Top 5 Point Guards in Boston Celtics Franchise’s History

Top 5 Point Guards in Boston Celtics Franchise’s History


Boston Celtics

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5. Nate Archibald

Nate Archibald spent a mere five seasons in Boston, but he managed to win a ring in that period and cement himself as one of the game’s first great point guards. Though he is most widely known for being the only player ever to lead the league in scoring and assists during the 1972-73 season, Archibald took on a smaller role with the Celtics, picking his spots better, pushing the ball in transition and looking to set up his teammates rather than score himself.

The lightening-quick Archibald still got his share of points thanks to his solid mid-range game and ability to knife his way into the lane, but he did not have to score 20-plus points every night with the Celts like he did as a Cincinnati Royal. His relatively brief stay in Boston hurts his case, but Archibald is still one of the better point guards to ever pass through Boston Garden and always will be. For his career, he averaged 18.8 points, 2.3 rebounds and 7.4 assists while shooting 46.7 percent from the field.

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4. Rajon Rondo

Rajon Rondo arrived in Boston in a draft-day trade from the Phoenix Suns in 2006 and instantly showed the potential to become an elite point guard. He started during the C’s 2008 championship run, but he truly came into his own in 2009, when he averaged 16.9 points, 9.7 boards and 9.8 assists in the playoffs. The 6’1” Rondo was among the game’s most unique talents for nearly a half decade. He offset his lack of shooting with a sensational handle, tremendous passing instincts, and the ability to dominate the glass from the perimeter and defend multiple positions. When he was engaged with the C’s, he proved to be a nightly triple-double threat who was as capable of scoring 30-plus points as he is of dishing out 20-plus assists. His overall effectiveness had diminished quite a bit since leaving Boston, but he will always be remembered for his epic time in Green.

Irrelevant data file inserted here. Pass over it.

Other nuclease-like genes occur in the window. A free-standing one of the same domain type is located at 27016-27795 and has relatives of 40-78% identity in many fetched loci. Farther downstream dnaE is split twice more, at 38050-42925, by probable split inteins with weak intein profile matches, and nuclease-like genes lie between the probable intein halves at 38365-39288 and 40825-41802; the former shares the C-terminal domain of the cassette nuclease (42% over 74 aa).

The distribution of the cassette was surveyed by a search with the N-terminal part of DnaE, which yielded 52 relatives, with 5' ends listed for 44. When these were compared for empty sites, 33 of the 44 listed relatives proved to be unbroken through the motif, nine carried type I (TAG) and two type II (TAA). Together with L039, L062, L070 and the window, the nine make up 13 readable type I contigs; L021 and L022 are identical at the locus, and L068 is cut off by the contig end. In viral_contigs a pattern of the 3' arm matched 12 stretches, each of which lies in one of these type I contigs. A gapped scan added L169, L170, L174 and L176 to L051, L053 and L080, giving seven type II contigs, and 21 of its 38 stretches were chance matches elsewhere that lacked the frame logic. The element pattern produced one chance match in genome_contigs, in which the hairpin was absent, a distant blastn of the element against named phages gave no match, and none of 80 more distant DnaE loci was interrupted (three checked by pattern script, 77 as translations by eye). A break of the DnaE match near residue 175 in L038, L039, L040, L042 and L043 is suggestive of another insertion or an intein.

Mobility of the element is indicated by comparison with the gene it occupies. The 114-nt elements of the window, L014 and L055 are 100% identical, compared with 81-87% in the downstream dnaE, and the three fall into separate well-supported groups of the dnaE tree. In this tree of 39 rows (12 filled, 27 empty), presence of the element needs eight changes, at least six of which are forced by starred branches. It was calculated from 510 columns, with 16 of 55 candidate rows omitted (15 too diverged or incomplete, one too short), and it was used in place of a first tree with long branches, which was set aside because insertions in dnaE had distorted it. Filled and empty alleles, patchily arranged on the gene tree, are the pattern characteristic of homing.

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3. Dennis Johnson

The 1979 NBA Finals MVP with the Seattle Supersonics, Dennis Johnson had played the best basketball of his career by the time he ended up with Boston in 1983. However, he proved to be indispensable during his seven-year stint, providing the Celtics with airtight perimeter defense, veteran leadership and underrated playmaking. Boston acquired Johnson to defend guards like Andrew Toney, but by adapting his game to be more of a facilitator than a scorer, Johnson was able to contribute on offense as well. Still, he locked down opposing guards in the half court, was a nightmare pressuring the ball, and was able to come up with steals and create transition opportunities with his excellent hands and anticipation. Johnson averaged 14.1 points, 3.9 boards and five assists in his career while connecting on 44.5 percent of his shots from the field.


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